Brandon Sabourin, a doctoral candidate in the Faculty of Education, hopes his research will support the development of sessional instructors like himself.
“When I began teaching as a sessional instructor in the Faculty of Education, I tried to engage in as many workshops, courses, and conversations about effective teaching as I could,” he says. “I wanted both to improve my teaching and be a part of the growing community of people working to provide UWindsor students with the best learning experiences.”
His dissertation, funded by a grant from the Educational Developers Caucus, is designed to explore the specific educational development needs of UWindsor sessional instructors in relation to the approaches to and beliefs about teaching.
“There are many sessionals on our campus who want to develop as educators but for many reasons, some haven’t found the right opportunity yet,” Sabourin says.
His recent systematic literature review published in the International Journal for Academic Development found that across 27 North American studies on sessional instructors’ educational development needs, respondents highly valued opportunities for teaching development and connections to institutional and departmental teaching culture, in contrast to the standard administrative onboarding typically received. Specifically, sessional instructors who teach on contract course-by-course may face additional barriers to educational development and require different support based on their teaching environment.
Currently, departments — including the Centre for Teaching and Learning and the Office of Open Learning — provide educational development: a term used to describe programs promoting effective teaching and learning. At UWindsor, sessional instructors are able to take part in nearly all educational development opportunities, but targeted support requires understanding sessionals’ needs.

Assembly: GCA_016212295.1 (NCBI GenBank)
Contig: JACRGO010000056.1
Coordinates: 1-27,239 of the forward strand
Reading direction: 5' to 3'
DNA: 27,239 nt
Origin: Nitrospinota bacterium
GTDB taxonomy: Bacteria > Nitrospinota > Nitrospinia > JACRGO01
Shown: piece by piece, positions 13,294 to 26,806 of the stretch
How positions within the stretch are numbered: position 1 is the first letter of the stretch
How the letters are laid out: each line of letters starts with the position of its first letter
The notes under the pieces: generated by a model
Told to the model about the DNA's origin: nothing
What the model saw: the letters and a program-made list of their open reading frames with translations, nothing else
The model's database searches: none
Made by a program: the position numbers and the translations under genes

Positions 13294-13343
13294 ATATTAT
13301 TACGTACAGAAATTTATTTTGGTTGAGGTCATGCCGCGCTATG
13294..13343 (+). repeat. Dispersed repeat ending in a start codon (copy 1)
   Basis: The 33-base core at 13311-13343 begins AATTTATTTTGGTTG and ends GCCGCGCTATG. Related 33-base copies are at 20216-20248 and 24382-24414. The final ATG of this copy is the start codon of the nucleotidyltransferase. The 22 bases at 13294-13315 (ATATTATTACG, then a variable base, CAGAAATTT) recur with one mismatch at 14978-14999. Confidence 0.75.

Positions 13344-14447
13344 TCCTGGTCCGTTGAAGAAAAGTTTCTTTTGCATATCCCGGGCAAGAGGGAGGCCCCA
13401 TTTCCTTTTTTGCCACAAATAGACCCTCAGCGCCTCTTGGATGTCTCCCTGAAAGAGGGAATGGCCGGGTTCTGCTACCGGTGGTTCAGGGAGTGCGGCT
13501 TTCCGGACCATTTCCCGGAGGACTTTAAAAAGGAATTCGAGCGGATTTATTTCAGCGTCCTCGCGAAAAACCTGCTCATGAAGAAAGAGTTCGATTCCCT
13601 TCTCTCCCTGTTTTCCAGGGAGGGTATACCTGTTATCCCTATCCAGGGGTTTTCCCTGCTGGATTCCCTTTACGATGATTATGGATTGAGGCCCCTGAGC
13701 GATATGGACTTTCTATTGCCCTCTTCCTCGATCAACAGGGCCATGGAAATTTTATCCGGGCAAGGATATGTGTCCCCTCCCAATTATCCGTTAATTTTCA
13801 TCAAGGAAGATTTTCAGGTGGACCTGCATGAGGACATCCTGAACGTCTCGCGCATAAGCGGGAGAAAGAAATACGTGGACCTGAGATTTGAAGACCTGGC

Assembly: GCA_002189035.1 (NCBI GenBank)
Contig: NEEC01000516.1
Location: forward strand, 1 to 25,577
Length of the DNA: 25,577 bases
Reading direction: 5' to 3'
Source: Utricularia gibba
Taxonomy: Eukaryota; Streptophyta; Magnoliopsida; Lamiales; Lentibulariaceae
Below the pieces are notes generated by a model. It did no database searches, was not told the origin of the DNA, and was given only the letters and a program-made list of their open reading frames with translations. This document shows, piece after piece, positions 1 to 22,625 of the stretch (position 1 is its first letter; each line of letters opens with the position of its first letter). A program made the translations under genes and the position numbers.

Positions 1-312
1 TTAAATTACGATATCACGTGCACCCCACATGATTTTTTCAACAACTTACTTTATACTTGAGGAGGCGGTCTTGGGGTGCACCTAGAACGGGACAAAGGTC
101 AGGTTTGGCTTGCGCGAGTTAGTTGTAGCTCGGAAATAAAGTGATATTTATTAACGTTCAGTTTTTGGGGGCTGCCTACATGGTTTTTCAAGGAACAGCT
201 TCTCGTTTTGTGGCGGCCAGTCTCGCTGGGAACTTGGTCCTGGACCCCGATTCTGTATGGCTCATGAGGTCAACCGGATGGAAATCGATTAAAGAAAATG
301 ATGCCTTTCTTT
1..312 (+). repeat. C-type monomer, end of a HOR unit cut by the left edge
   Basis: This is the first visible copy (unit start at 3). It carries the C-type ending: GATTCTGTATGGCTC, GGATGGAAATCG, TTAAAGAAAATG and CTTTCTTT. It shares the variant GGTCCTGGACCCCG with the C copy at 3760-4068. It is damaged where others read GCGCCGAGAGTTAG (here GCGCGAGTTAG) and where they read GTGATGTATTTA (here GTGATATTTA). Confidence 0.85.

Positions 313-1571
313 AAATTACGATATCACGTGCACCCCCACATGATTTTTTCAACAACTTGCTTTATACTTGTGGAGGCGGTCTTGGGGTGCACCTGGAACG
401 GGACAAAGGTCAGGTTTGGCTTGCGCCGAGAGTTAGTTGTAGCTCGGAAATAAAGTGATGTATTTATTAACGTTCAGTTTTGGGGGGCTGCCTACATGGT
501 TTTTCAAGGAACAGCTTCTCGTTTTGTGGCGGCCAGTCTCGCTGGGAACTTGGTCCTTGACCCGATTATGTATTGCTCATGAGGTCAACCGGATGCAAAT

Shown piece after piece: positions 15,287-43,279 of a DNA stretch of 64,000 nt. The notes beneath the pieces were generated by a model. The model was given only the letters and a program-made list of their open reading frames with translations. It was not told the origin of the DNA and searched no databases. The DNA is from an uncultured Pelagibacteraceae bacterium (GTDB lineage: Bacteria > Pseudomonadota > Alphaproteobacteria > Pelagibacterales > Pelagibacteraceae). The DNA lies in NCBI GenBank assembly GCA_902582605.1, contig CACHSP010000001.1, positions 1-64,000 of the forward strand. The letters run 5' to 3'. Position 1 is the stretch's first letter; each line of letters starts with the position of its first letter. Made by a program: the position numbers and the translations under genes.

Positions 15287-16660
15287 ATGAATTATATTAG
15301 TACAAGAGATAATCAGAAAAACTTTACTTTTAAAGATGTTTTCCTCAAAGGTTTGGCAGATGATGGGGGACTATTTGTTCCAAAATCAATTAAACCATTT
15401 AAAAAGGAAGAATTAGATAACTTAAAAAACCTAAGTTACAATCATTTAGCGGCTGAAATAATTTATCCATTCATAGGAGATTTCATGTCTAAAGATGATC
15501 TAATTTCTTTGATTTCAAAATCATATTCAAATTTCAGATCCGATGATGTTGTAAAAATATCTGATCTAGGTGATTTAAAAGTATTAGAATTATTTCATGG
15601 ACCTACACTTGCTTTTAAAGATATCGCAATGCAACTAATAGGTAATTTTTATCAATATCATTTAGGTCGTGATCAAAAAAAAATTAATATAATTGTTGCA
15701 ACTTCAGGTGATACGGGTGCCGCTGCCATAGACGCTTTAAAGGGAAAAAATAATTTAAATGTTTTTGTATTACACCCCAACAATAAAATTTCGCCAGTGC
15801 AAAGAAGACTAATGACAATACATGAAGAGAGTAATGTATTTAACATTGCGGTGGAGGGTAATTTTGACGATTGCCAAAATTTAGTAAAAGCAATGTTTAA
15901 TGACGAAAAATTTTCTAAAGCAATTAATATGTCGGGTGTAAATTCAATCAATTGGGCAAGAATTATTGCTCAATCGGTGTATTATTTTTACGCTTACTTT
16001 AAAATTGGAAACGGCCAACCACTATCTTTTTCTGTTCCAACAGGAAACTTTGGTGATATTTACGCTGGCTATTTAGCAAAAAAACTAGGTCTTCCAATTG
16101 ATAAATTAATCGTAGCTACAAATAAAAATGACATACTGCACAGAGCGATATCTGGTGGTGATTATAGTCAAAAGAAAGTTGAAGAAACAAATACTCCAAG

Sabourin, who also works as an educational developer in Red River College Polytechnic’s Centre for Learning and Program Excellence, has seen the impact educational development can have across an institution.
“At Red River College, teaching development is especially important because of the applied focus of many of our programs,” he says. “Targeted educational development opportunities for part-time faculty appears to be resulting in more authentic teaching and more engaged students across campus.”
For the next phase of his research, Sabourin invites current or former UWindsor sessional instructors to participate in an online survey, interview, or both. Participants will be offered entry into a draw for one of four $50 gift cards, and interviewees will receive a $25 gift card.
Additionally, he invites all current and former deans, associate deans, school directors, and department heads to complete a short online survey to help identify the educational development needs of sessional instructors at the faculty or department level.
In both instances, “former” is restricted to those who were last active no further back than January 2018.
The study has been approved by the UWindsor Research Ethics Board. For more information, visit https://bit.ly/UWinSessDev.